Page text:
Cell culture: The immortal cells of Henrietta Lacks

In February 1951, the first human cells were successfully cultivated in a laboratory.

These cells were called HeLa cells, named after Henrietta Lacks, an African-American woman native to the state of Virginia.

She suffered from incurable cervical cancer, and when she passed away at age 31, her cells were used – without her consent – for a scientific discovery that would become a medical miracle and change the scientific landscape for good.

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The story of Henrietta Lacks

The story of Henrietta Lacks is an interesting one. So interesting, that both a best-selling book and a film featuring Oprah Winfrey were created based on her story, both of which we highly recommend.

(Looking for more recommendations for inspirational and insightful movies and books? Check out the top recommendations from the Labster team!)

The book and film not only tell the story of one family’s tragedy that turned out to be a treasure for the medical industry, they also tell the story of a larger set of ethical issues in medical research.

The main issue, which later contributed to a wider public discussion, is that Henrietta Lacks was never asked whether her cells could be used for the purpose of scientific experimentation, and neither was her family after her passing. In fact, the five children she left behind didn’t know about the use of their mother’s cells’ until more than 20 years after her death.

But had the children been asked for consent and denied the use of her cells, scientists may not have made the findings that have helped hundreds of millions of patients around the world right up to present day.

HeLa cells became instrumental to a long list of medical breakthroughs, and today, the cells figure in tens of thousands of scientific papers.

So let’s take a closer look at what cell cultivation is, and why it is such a crucial part of scientific studies.

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What is cell culture?

Cell culture is a technique in which cells isolated from a specific type of tissue are grown under controlled conditions in the lab.

Before the discovery of HeLa cells in 1951, normal cells would die in culture after a couple of cell divisions.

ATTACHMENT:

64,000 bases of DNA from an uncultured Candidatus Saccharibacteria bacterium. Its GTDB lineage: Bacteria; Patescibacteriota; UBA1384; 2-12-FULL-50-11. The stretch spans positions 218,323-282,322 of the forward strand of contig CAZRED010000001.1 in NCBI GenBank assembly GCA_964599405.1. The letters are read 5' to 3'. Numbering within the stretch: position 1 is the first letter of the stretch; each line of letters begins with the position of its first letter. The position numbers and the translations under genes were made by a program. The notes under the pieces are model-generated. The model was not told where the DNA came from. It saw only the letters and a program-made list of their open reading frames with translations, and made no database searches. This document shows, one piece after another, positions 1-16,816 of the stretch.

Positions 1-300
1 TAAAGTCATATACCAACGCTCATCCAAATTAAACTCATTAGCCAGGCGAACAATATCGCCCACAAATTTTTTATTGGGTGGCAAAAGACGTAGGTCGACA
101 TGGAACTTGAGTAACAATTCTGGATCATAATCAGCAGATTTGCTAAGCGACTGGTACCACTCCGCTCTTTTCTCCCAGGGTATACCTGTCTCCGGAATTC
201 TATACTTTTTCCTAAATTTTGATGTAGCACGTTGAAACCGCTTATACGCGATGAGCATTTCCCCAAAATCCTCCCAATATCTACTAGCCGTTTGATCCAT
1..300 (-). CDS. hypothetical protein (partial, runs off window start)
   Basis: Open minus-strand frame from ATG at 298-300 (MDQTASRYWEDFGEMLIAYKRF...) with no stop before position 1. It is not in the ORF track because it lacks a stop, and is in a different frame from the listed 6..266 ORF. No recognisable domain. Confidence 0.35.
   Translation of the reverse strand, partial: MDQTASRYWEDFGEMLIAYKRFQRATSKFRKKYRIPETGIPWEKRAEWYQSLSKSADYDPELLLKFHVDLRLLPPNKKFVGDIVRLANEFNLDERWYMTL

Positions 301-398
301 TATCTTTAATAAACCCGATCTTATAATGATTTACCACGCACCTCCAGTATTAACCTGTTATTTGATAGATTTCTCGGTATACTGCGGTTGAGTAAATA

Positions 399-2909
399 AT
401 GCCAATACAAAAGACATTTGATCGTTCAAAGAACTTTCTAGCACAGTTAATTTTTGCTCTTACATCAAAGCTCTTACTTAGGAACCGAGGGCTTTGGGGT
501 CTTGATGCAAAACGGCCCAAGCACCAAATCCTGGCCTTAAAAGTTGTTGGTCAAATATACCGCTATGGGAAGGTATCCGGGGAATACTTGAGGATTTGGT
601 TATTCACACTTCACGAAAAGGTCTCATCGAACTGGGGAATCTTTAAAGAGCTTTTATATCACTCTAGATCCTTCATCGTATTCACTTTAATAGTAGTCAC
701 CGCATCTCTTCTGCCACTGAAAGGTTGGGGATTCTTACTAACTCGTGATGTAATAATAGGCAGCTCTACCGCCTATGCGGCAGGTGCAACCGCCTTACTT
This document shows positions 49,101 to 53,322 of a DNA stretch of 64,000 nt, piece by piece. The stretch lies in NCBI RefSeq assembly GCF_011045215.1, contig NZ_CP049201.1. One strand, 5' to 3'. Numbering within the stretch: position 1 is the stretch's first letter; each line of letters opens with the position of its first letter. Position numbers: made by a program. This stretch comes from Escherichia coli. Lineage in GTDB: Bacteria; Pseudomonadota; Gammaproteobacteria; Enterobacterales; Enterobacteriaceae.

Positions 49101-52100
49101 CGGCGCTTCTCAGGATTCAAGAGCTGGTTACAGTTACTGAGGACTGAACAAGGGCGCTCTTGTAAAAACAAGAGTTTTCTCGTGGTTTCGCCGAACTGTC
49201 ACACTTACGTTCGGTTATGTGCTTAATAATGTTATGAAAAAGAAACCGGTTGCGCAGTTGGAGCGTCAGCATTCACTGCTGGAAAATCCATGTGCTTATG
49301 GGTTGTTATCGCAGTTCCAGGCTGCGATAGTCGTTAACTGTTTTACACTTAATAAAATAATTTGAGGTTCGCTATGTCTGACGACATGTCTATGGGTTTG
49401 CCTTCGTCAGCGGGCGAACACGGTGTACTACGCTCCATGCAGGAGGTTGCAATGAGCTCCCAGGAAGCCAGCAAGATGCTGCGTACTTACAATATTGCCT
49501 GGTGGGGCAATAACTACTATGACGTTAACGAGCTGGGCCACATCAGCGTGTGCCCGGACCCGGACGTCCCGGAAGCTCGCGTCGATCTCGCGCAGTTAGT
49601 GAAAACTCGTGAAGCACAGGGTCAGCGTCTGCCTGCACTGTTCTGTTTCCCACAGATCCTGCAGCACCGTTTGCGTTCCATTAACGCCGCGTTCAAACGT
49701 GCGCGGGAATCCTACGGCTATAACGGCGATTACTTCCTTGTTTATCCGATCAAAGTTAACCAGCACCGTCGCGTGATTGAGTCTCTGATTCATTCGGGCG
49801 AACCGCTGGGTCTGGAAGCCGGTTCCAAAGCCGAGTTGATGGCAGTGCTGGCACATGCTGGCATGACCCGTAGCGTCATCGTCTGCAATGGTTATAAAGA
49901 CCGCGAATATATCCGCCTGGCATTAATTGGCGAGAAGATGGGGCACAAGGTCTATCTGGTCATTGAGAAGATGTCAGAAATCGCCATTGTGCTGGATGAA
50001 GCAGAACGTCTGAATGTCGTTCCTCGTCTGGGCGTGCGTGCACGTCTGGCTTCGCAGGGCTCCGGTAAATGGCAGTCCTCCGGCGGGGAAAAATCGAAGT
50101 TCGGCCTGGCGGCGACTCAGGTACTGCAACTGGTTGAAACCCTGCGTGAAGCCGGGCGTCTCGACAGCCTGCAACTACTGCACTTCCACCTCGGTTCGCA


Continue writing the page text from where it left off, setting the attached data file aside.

HeLa cells, however, survived due to the specific mutations that led to the development of the cancer. When cells carry these specific type of mutations, they become immortal, and are hence transformed into what we now know as immortal cells.

A cell line is a population of cells derived from a single cell with the same genetic material. Nowadays, immortalized cell lines, which are cells isolated from cancer tissue, are a very important tool in cell biology, biochemistry, and biotechnology.

What are HeLa cells used for?

Before the discovery of immortalized cell lines, it wasn’t possible to culture human cells in the laboratory over a longer period of time.

Therefore, it was a major milestone for medical research when the cells were found to continuously divide and multiply, even after decades of culture. Because the cells didn’t die, scientists could experiment widely with the cells. If they were to die during an experiment, new cells could simply be taken from the culture again.

This experimentation has naturally required a large number of HeLa cells, and it has been estimated that more than 20 tons of HeLa cells have been grown for medical usage!

Henrietta Lacks’ cells and similar cell lines have proven to be incredibly valuable to research, and they have since been used for a vast number of important experiments and findings:

  • Cancer research
  • Large-scale production of antibodies, vaccines, and other synthetic proteins
  • In vitro fertilization
  • Drug screening and development
  • Basic cell biology and biochemistry research

They have even been sent into space to uncover what happens to human cells at zero gravity.

The most famous of the findings is probably the development of the the Polio vaccine. In 1952, a researcher successfully infected HeLa cells with Polio virus, allowing the study of the virus, and enabling the development of the vaccine. The mass-production of the vaccine was only made possible due to the stable growth of the virus in HeLa cells.

Try our Cell Culture Basics lab

To learn more about cell culture, visit our virtual Cell Culture Basics lab. In the lab simulation, you’ll learn much more about:

  • Working with cell culture in a lab
  • Using the aseptic technique to avoid contamination of cells
  • Keeping fibroblast cells alive in culture

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